Elder law is the field concerned with the legal issues encountered predominantly by older Americans. The same types of legal issues are often encountered by people living with disabilities.
Although elder law is a broad field that includes incapacity planning, Title 19 (Medicaid) planning and applications, and coordination of care at home or in long-term care facilities, at the present time our elder law practice is limited to incapacity planning and conservator proceedings in Connecticut's Probate Courts.
PLANNING FOR INCAPACITY
Nobody wants to think about the possibility of becoming incapacitated. But it happens to people every day for many different reasons. Sometimes it may be somewhat expected because of a medical condition such as Alzheimer's Disease or Parkinson's Disease. Other times, it may be the result of some unexpected trauma such as a car accident or even an unpredictable medical event like a stroke. If you were rendered incapacitated, whether temporarily or permanently, who would pay your bills? Who would make your medical decisions for you if you couldn't make them for yourself?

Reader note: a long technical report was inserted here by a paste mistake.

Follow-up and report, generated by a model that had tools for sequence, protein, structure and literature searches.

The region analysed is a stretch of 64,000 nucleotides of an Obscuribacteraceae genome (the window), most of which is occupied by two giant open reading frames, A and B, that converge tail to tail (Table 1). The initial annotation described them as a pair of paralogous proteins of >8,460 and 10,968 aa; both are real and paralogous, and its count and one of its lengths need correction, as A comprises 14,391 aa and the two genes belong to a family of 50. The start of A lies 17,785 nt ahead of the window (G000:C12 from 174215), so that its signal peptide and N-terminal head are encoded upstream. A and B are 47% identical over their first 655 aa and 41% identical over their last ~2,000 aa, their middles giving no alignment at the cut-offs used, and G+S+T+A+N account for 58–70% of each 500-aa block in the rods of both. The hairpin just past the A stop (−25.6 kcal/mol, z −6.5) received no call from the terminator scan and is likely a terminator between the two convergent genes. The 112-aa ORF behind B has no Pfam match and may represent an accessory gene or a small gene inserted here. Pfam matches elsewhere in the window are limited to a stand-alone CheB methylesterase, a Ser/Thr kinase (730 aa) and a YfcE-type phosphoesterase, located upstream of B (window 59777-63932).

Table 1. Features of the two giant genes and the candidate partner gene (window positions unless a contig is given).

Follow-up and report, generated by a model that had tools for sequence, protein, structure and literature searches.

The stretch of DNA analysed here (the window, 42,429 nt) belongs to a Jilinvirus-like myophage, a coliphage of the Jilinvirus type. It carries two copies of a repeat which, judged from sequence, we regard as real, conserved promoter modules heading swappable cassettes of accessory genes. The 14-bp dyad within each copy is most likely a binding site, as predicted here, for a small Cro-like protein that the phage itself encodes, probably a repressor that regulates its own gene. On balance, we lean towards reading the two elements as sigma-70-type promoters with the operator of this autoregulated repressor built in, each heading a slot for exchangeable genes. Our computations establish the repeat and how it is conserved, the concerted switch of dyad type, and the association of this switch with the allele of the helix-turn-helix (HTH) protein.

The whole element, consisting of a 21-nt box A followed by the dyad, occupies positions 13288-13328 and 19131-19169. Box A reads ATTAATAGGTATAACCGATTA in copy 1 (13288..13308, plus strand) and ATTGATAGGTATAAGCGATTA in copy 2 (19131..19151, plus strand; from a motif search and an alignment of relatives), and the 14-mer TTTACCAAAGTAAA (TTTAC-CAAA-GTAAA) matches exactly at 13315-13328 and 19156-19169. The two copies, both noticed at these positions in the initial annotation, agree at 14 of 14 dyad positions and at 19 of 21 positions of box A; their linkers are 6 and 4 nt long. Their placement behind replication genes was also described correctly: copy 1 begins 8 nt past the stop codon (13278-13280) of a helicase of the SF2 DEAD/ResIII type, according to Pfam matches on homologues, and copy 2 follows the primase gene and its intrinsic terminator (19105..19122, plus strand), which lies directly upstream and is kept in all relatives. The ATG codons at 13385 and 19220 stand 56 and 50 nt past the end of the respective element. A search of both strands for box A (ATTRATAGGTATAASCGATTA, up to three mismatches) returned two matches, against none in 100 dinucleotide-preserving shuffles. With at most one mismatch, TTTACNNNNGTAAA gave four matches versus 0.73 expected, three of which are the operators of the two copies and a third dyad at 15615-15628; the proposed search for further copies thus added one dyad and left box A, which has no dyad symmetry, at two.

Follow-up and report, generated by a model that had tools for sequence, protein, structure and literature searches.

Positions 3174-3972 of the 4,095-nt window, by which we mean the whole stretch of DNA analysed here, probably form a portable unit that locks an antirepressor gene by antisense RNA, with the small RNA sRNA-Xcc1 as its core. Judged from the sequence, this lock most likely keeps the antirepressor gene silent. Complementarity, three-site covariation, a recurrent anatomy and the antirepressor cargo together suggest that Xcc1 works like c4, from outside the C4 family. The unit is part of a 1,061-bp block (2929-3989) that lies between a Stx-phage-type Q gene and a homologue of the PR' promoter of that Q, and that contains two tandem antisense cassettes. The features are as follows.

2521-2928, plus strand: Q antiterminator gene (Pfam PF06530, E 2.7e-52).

Planning for the possibility of incapacity is just as important as planning for your own passing. By having a power of attorney and an appointment of health care representative in place, you'll have the peace of mind that comes with knowing that in the event that the unimaginable happens, someone will be able to immediately step into your shoes and protect what's important to you. If you have minor children, you can also desginate a standby guardian that can temporarily step into your parental role if you're incapacitated.
Many people realize the importance of having a last will and testament, but your will only takes effect when you die. The incapacity planning documents protect you while you're alive but unable to make decisions or take action for yourself. In many instances, if you become incapacitated and don't have these documents in place, it may mean a trip to the local Probate Court for your family to seek the appointment of a conservator.